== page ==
I point to a snapshot on the far wall that depicts a small boat’s silhouette on calm water. “Where did you take that photograph?”
“That’s not a photo,” he says with a satisfied smile. “I made that.”
I stare at the drawing for a moment, stand up and walk over to the wall. It’s not until I’m standing inches away that I finally see the pencil lines precisely drawn and shaded.
I look over to Delezica who is visibly enjoying witnessing my amazement, enjoying seeing my guard come down as I allow him to continue on with his story. He was a convict. He is an artist — an artist who used his tools to shatter his iron casket.
PCAP doesn’t always look like that, and founder and University of Michigan English Prof. William Buzz Alexander will be the first one to agree. But it’s these types of stories that keep Buzz pushing forward. It’s people like Delezica that inspire the PCAP organization, enough to not only continue but to keep adding workshops at prisons and low-income high schools throughout the state.
“It’s all too much. This whole thing is too much,” Buzz says, a painfully honest statement. “It runs us ragged. We work very hard. The need is incredible in all the fields that we work in … It’s a lot like a lot of things that are too much — you have to do it, because of what it’s about.”
Today, PCAP workshops exist in more than 30 prisons and juvenile centers and seven Detroit high schools. But just 20 years ago, it all sort of began with a request from Liz Boner, a student of Buzz’s at the time.
She was traveling to Florence Crane Women’s Facility in Coldwater, Mich. once a week to bring University course materials to two women sentenced to life in prison. Boner was in Buzz’s guerilla theater course, a class that performed original theater pieces in public places for groups of people who unknowingly became audiences.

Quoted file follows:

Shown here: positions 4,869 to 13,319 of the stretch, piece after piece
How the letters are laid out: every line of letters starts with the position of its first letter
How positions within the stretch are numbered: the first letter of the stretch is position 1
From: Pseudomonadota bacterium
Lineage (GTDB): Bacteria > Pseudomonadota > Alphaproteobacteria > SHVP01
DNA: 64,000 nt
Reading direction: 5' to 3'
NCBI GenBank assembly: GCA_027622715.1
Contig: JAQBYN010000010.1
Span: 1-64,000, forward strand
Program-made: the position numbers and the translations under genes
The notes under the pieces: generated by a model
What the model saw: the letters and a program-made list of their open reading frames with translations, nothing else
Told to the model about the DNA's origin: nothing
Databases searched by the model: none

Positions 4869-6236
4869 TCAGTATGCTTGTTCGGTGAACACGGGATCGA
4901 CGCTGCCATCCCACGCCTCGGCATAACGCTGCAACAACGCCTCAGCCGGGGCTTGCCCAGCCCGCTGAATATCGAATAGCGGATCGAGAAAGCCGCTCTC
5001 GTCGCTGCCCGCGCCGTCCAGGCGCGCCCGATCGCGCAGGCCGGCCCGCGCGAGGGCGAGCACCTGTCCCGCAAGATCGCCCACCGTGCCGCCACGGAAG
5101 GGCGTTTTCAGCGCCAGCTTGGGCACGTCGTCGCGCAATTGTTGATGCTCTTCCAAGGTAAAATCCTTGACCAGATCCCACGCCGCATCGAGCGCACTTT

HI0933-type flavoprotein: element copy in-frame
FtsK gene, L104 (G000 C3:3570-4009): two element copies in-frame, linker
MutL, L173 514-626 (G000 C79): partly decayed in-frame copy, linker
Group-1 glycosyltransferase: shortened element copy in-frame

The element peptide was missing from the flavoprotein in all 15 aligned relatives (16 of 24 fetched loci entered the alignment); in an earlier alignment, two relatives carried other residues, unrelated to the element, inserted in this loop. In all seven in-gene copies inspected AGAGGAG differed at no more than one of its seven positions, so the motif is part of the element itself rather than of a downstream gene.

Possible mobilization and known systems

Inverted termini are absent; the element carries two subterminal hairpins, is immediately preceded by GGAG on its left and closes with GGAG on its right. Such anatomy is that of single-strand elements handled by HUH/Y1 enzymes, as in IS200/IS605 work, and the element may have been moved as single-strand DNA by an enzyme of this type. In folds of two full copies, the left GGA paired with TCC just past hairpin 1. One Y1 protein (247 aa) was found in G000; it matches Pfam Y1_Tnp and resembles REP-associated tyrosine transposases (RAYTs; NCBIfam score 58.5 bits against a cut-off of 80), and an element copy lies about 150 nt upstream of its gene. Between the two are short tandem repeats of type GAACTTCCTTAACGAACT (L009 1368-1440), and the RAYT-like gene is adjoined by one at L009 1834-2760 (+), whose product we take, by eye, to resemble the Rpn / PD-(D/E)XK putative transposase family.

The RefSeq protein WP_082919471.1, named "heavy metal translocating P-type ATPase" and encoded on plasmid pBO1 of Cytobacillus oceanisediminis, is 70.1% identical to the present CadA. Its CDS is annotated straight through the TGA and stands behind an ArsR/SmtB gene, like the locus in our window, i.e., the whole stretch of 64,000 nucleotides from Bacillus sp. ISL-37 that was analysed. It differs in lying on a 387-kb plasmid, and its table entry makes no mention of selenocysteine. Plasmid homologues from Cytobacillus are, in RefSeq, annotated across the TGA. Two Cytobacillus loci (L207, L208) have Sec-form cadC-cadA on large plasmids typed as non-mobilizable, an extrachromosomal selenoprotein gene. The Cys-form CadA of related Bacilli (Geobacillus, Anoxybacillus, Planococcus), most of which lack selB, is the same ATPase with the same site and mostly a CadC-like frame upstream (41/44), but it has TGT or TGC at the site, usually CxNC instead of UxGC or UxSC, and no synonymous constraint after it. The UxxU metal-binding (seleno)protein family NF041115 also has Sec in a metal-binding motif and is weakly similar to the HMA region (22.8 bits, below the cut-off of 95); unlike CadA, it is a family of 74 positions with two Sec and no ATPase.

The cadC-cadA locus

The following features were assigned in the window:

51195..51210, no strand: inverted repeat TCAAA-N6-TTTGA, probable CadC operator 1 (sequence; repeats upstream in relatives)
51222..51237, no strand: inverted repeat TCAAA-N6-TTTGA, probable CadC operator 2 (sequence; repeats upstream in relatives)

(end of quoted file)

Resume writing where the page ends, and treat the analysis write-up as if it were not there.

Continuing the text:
The two lifers she was meeting with at the time were interested in the course, and Buzz and one other student agreed to make the trek to Coldwater every week to meet with them. For nearly a month and a half the five held thoughtful discussions and played theater games, soon realizing that this expression of creative energy could benefit the inmates at large.
Twenty years later, Buzz continues to work with this group, a theater group now known as the Sisters Within Theater Troupe. The women have put on more than 29 original plays.
“When you’re creating your own original work and you’re creating a character, that character gets based on what you know and who you are. And often you're working off your own issues… and it’s on the stage,” Buzz says of his work with The Sisters Within. “When you’re there watching that play, you don’t know all the backgrounds but you’re feeling it among the actors and in the theme of the play. And it’s got a power that you’re not going to have. A professional actor playing somebody else in a powerful story based on a real story is still not that person and you can tell the difference even though it’s brilliantly acted.”
From a five-person workshop, PCAP has grown to an organization that now involves every form of creative expression and has included several thousand University students, community members and incarcerated youth and adults.
Much has changed since Buzz came to the University in 1971. That year, there were three prisons in Michigan housing approximately 3,500 inmates. In 2006, Michigan had 51,000 prisoners. And the United States continues to be the most incarcerating nation — its prisons account for more than one fourth of the convicted in the world. As of 2008, Michigan was one of four states that spent more on corrections than higher education.
More shockingly, America is the only nation that incarcerates youth for life without parole. More than 3,000 adolescents sit behind bars today and will stay there for the rest of their lives.
When Buzz introduces himself, rather than explaining that he holds a Ph.D from Harvard or that he's a tenured English professor at the University of Michigan, he simply tells people that he works in prisons.
At a high school reunion years ago, one member of his class asked if he ever wore armor while working in the prisons. What sounds like a naive question only expresses the nature of most people’s thoughts of prisoners.
LSA junior Carly Friedman worked last fall in a poetry workshop in a juvenile facility in Detroit. For her parents, it was a far cry from the comfortable Chicago suburbs they were accustomed to.